Most of the kids were jerks (hey – I don’t judge – it was the 80’s).  And I distinctly remember one evening after church calling my dad to see how he wanted me to get home.  He was at Elmer’s Tavern – where he was most nights – and I never thought two things about that.  Unbeknownst to me, some of the church kids had picked up another phone receiver in a different room and heard the barkeeper answer.  They descended like vultures – laughing, teasing, mocking.  It wasn’t uncommon – I was pretty awkward anyway and spent most of my time deflecting the crap my peers slung at me, church-goers or not.  Today, we’d most definitely call it bullying.  Back then, it was just kids being kids.

I left church feeling shamed and dejected.  I had kept my ‘so-called life’ out of the public eye and now everyone knew.  My family was crazy.  A lesser man would not have returned.

But the love and kindness of the youth pastor beckoned me.  I’d love to tell you it was all about Jesus and being holy.  The truth was – the leader was a man who was kind to his children and didn’t beat his wife – and that was a compelling story for me.  So I kept going.  I kept enduring the ‘cool’ kids so that I could get a glimpse of what real life could look like.  And somehow, those kids started being nicer to me.

About six months later, a confession was made.  I don’t remember the circumstances, but I’ll never forget the moment.  One of the students who had been my tireless terrorist had turned soft.  He (along with many of the kids) was befriending me.  And after Bible study one night, the truth came out.  The youth pastor had been ‘in the know’ about the night I called the tavern for my ride.  He had been watching how students were treating me all along.  This teenager confessed, “One night you were gone.  After Bible study, Mitch lambasted us and told us if we didn’t stop harassing you, you might not ever come back.  Then we found out you weren’t half bad.”

Somewhere in there I should have probably been offended.  But all I remember is how it felt to have a grown man advocate for me.  It was the first time in my life that an adult male had tried to create a safe place for me.  My life would never, ever be the same.   And I knew that God’s calling on my life would be creating that same space for teenagers.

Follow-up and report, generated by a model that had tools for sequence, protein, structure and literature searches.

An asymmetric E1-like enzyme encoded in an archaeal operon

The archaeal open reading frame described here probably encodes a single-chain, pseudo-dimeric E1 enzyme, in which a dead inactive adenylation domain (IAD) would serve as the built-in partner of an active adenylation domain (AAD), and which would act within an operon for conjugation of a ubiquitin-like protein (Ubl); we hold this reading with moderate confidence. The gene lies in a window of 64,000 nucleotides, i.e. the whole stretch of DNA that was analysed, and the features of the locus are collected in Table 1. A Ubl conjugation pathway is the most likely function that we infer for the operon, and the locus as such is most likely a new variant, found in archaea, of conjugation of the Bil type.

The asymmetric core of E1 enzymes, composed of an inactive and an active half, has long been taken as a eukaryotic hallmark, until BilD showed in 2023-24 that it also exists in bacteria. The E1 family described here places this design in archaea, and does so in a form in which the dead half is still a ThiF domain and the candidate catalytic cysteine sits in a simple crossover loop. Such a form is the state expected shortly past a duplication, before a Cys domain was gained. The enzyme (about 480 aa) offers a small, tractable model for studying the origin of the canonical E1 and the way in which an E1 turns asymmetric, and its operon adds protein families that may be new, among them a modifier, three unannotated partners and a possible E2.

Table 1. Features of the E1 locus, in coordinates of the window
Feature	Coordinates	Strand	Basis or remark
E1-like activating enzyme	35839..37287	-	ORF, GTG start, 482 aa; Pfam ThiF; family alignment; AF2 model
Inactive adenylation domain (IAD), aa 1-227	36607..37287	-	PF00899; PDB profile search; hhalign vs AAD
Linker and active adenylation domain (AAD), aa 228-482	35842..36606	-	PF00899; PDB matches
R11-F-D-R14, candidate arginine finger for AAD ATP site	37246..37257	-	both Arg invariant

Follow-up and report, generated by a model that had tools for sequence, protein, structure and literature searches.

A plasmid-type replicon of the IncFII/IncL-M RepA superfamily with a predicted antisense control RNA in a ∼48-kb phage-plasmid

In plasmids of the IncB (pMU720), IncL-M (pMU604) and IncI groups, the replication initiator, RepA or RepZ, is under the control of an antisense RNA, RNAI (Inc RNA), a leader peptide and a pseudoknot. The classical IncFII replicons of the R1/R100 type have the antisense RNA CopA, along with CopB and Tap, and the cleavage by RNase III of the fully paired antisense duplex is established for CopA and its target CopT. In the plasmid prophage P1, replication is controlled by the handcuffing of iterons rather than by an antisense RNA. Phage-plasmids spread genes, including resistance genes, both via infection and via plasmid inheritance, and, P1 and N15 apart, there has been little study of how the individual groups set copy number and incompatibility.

I love Mitch Jackson.  He will always be my youth pastor.  And I am so grateful that he showed me (and all of us 80’s, snarky, apathetic, depressed teenagers) how Jesus advocates for us, loves us, holds us.  My life has been transformed.

How has youth ministry transformed your life?  Share your story!  And be a part of SYMC: Stories of Transformation!!

 

10 REAL Secrets to Being an Unforgettable Youth Pastor

????????????????????????????????????????So, yeah, in case you missed it…that list from Monday.  Farce.  Not real.  Don’t do it.  Try these instead.

10.  Invest in parents.  They’re the most important spiritual influence their kids have (good or bad).  And most are desperately trying to hold their heads above water.

9.  Know your pastor.  Chances are, no one is ministering to him/her.  Maybe you are here for such a time as this.

8.  Balance mercy and justice.  Students need grace, but they also need guidelines.  Giving them both, with love, is a non-negotiable.

7.  Set boundaries for your family.  Not everyone will like that – but they’re all watching to see how your family ‘rates’ in your life.  It could be the most teachable moment you ever offer them.